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The headquarters of Deutsche Bank in Frankfurt, Germany.

Ralph Orlowski/Reuters

Deutsche Bank, Credit Agricole, Credit Suisse and another bank have been charged by European Union antitrust regulators for being in a bond trading cartel.

In the latest blow to the reputation and public image of the banking sector in Europe, which has faced billions of euros in fines for rigging interest rate benchmarks, the European Commission on Thursday did not name the banks it had charged.

However, the Commission said its investigation focused on the conduct of certain traders at the four banks and contact between them, largely through online chat rooms.

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If found guilty of breaching EU antitrust rules the banks could face fines up to 10 per cent of their global turnover, although Deutsche Bank said it had pro-actively co-operated with the investigation and did not expect a financial penalty.

Whistleblowers are not sanctioned under EU rules.

Deutsche Bank, whose shares were down 5.6 per cent by 1455 GMT, has paid more than $3 billion to resolve investigations it manipulated benchmark interest rates including Libor which are used to price loans and contracts around the world.

Credit Agricole, which received a 114.6 million euro EU fine in 2016 for being part of a Euribor cartel, confirmed it had received the EU charge sheet and its shares were trading 3.4 per cent lower by 1500 GMT.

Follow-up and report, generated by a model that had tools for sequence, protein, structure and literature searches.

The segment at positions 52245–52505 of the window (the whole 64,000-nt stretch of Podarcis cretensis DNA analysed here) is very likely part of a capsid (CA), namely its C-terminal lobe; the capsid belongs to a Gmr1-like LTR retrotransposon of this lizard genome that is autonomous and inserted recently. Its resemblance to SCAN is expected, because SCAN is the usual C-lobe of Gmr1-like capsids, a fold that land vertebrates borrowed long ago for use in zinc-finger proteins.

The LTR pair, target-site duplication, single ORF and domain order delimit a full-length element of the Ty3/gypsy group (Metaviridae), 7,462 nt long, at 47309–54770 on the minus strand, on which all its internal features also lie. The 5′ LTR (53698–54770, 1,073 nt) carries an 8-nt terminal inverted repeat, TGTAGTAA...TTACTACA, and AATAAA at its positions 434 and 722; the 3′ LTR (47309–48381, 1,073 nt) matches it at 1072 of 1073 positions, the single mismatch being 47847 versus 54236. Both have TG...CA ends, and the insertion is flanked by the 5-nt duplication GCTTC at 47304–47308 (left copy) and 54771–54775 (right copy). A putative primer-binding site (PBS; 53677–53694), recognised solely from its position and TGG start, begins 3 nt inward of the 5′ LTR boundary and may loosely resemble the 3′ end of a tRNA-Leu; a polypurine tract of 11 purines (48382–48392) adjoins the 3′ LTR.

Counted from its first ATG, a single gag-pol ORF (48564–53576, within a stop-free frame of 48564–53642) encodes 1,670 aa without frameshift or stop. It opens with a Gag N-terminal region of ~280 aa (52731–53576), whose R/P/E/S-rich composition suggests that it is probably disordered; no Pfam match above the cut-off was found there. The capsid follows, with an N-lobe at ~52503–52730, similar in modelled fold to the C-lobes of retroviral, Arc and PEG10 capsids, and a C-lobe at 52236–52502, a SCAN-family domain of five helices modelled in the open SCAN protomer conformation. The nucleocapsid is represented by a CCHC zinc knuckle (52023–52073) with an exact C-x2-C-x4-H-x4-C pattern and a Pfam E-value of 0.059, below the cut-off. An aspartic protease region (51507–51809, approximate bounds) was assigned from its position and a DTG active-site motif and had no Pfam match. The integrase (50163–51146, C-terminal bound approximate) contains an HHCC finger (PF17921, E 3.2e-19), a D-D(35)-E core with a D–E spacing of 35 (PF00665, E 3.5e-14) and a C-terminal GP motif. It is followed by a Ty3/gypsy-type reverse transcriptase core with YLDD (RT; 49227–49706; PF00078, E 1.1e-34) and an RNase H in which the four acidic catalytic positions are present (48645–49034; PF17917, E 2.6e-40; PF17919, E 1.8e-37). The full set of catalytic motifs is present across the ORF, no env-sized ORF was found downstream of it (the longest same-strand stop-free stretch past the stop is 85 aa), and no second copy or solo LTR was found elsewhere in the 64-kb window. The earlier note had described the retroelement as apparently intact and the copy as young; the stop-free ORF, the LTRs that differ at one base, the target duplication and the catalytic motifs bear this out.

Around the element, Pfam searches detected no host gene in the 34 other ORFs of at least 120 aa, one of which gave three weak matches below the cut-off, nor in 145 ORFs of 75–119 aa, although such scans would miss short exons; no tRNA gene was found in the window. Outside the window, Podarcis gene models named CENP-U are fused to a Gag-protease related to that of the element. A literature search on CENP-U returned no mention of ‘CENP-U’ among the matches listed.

Credit Suisse said it was co-operating with the EU antitrust enforcer and that the case related to trading by a single employee who had left the Swiss bank in early 2016. Its stock fell 3.5 per cent.

“The four banks exchanged commercially sensitive information and co-ordinated on prices concerning U.S. dollar denominated supra-sovereign, sovereign and agency bonds, known as ‘SSA bonds’,” the Commission said in a statement.

Regulators worldwide have penalized the financial industry billions of euros in recent years for rigging various financial benchmarks. In most cases, online chat rooms had helped regulators to uncover the manipulation.

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The latest case could expose the banks to investor litigation, Simon Hart, a partner at law firm RPC, said.

“If there has been collusion … then this opens up the real possibility of claims by investors in those markets who were adversely affected,” Hart said.

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